Pork Chop Hill

For the Korean War battles, see Battle of Pork Chop Hill.
Pork Chop Hill
Directed by Lewis Milestone
Gregory Peck
Produced by Sy Bartlett
Screenplay by James R. Webb
Based on Pork Chop Hill: The American Fighting Man in Action
by S. L. A. Marshall
Starring Gregory Peck
Rip Torn
George Peppard
Woody Strode
Music by Leonard Rosenman
Cinematography Sam Leavitt
Edited by George Boemler
Melville Productions
Distributed by United Artists
Release dates
  • May 29, 1959 (1959-05-29) (USA)
Running time
97 min.
Country United States
Language English
Box office $2.1 million (est. domestic)[1]

Pork Chop Hill is a 1959 American Korean War film starring Gregory Peck, Rip Torn and George Peppard. The film, which was the final war film directed by Lewis Milestone, is based upon the book by U.S. military historian Brigadier General S. L. A. Marshall. It depicts the first fierce Battle of Pork Chop Hill between the U.S. Army's 7th Infantry Division, and Chinese and North Korean forces in April 1953.

The film features numerous actors who would go on to become movie and television stars in the 1960s and the 1970s such as Woody Strode, Harry Guardino, Robert Blake, Norman Fell, Abel Fernandez, Gavin MacLeod, Harry Dean Stanton, and Clarence Williams III. It is also the screen debut of Martin Landau and George Shibata, who was a West Point classmate of Lieutenant Joe Clemons, who also acted as technical adviser on the film.


In April 1953, during the Korean War, a company of American infantry, led by Lieutenant Joe Clemons (Gregory Peck) are to recapture Pork Chop Hill from a larger Communist Chinese army force; they recapture the hill, but are depleted, only 25 of a 135-man unit are left. They prepare for a large-scale Chinese counter-attack which they know will overwhelm and kill them in vicious fire fights and hand-to-hand fighting while the Panmunjeom cease-fire negotiations continue.

Higher command is shown as being unwilling to either abandon or reinforce the hill. They will not reinforce the hill because the value of the hill is not worth further losses. They will not abandon the hill because it is a point of negotiation in the cease-fire talks.

The American negotiators come to the conclusion that the Chinese are pouring soldiers into the battle for a militarily insignificant hill to test the resolve of the Americans in the negotiations. The decision is then made at the last minute to reinforce the hill.




S.L.A. Marshall reportedly disliked the fact that he had sold the movie rights to his book for next-to-nothing, and vowed not to make the same mistake again.[2]

Strode's portrayal of an African American soldier is based on the 24th Infantry Regiment, which was still racially segregated in Korea. Like its cinematic portrayal, the real regiment was poorly trained, poorly equipped and poorly led.[3] More than once when this all-black unit was placed on the front lines, a unit in reserve was positioned directly behind because they were expected to break. The regiment was finally considered so unreliable it was disbanded. Its personnel were reassigned to other combat units just as in the film, which portrays Strode's character - with good leadership - becoming an effective soldier.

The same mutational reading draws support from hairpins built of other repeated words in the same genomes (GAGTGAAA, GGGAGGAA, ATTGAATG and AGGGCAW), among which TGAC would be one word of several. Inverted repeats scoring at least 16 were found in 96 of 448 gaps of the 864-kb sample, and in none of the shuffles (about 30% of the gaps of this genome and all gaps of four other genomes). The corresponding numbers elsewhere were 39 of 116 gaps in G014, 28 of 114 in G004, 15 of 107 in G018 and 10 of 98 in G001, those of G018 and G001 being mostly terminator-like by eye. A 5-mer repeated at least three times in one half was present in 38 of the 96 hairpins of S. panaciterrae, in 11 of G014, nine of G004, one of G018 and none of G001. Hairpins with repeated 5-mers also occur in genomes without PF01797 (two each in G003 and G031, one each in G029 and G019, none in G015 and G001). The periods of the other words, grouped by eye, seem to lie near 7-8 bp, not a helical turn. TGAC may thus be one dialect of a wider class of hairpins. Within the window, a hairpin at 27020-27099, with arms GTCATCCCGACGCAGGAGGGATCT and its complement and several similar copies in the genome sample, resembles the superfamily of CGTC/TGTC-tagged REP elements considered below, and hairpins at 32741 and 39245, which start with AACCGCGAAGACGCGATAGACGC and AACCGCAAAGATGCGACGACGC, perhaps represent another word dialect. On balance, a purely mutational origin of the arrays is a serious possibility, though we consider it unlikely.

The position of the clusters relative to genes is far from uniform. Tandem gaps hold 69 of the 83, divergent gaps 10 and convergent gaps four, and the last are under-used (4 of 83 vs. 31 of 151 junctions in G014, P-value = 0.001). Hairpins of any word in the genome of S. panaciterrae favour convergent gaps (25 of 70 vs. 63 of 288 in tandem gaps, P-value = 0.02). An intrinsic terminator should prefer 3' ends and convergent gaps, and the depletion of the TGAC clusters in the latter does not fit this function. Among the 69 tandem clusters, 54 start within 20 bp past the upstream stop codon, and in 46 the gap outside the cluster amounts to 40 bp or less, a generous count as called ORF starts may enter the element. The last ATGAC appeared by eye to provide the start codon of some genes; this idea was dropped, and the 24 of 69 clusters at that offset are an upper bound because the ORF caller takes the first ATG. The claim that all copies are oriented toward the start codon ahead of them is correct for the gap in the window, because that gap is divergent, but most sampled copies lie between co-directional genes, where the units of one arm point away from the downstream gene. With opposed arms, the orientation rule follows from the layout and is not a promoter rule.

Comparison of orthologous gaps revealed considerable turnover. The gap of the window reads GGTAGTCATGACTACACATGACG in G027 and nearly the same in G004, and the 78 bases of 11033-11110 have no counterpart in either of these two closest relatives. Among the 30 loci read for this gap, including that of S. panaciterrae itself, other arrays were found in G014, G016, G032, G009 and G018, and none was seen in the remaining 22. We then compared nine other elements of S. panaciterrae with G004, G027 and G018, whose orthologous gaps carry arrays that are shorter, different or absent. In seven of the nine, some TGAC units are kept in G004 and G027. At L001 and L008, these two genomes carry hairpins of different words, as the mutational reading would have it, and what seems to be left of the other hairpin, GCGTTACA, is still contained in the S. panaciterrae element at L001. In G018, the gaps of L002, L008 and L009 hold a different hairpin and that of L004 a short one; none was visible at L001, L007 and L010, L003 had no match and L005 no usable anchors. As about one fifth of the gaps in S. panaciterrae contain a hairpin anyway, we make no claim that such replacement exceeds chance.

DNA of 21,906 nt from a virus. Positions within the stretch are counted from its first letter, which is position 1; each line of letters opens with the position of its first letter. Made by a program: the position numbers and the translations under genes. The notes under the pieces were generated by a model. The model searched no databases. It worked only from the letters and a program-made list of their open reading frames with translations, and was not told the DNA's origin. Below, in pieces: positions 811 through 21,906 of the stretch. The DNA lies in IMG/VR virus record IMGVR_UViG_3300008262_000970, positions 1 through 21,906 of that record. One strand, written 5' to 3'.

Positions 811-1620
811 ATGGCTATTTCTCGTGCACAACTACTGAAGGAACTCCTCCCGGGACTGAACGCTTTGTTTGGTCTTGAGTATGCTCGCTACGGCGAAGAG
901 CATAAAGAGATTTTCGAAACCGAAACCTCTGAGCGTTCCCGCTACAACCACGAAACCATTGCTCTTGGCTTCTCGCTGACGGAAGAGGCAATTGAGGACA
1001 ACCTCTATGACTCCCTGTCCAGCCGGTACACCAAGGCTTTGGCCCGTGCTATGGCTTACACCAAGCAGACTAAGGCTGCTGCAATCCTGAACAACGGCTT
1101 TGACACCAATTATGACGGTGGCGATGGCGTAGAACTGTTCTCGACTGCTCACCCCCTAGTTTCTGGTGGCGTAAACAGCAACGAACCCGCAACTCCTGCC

Some of the location shooting was conducted in California near Westlake Village and in San Fernando Valley. Peck, although not credited, directed a few scenes despite protests by Milestone.



Before the film's premier in May 1959, United Artists cut the film by nearly 20 minutes. Director Lewis Milestone claimed changes were made because Veronique Peck, the wife of star Gregory Peck, felt her husband made his first entrance too late into the picture. While that claim stands as unconfirmed, the film does show signs of post-production editing, with segments of several excised scenes showing up under the main title credits.[4]

Critical response

The New York Times applauded the film's "grim and rugged" style, the way it captured the "resentment" of the American GIs, and how it "tacitly points the obsoleteness of ground warfare".[5]

See also


  1. "1959: Probable Domestic Take", Variety, 6 January 1960 p 34
  2. Hackworth, David H.; Sherman, Julie (1989). "Ch. 16: Box Seat". About Face. New York: Simon & Schuster. p. 568. ISBN 0671526928. LCCN 88036235. Retrieved 2013-12-03. He'd given them away for Pork Chop Hill and often talked about how, as a result, he felt sick every time the film of his Korea story played on the tube and he didn't get a red cent. "I'll never let that happen again," he'd vow each time he wound up his lament on the subject.
  3. Hackworth. About Face. pp. 92–93. ...the 24th, was an all-black outfit and as a fighting force it was sorrier than any unit I'd ever seen. It had not always been that way; in fact, the Deuce-Four had been responsible for the first significant American ground victory of the war, at Yechon, in July of 1950. But the regiment had been badly bloodied since then, and with the attendant loss of many of its fine black NCOs (too many of whom were replaced by white NCOs who were unable or unwilling to bond with the troopsand vice versa), it seemed the 24th had gone to hell in a hand basket. Individually, many of its members were great... but its leadership was too thin...
  4. "Pork Chop Hill (1959) - Articles - TCM.com". Turner Classic Movies. Retrieved 2013-12-03. Nevertheless, Pork Chop Hill was still cut by nearly twenty minutes, supposedly because the wife of star Gregory Peck felt that her husband made his first entrance too late into the picture. While that claim remains unconfirmed, the film does show signs of post-production editing, with segments of several excised scenes showing up under the main title credits.
  5. "Pork Chop Hill (1959) Pork Chop Hill'; War Drama Directed by Lewis Milestone". New York Times. May 30, 1959. Retrieved February 1, 2014.

External links

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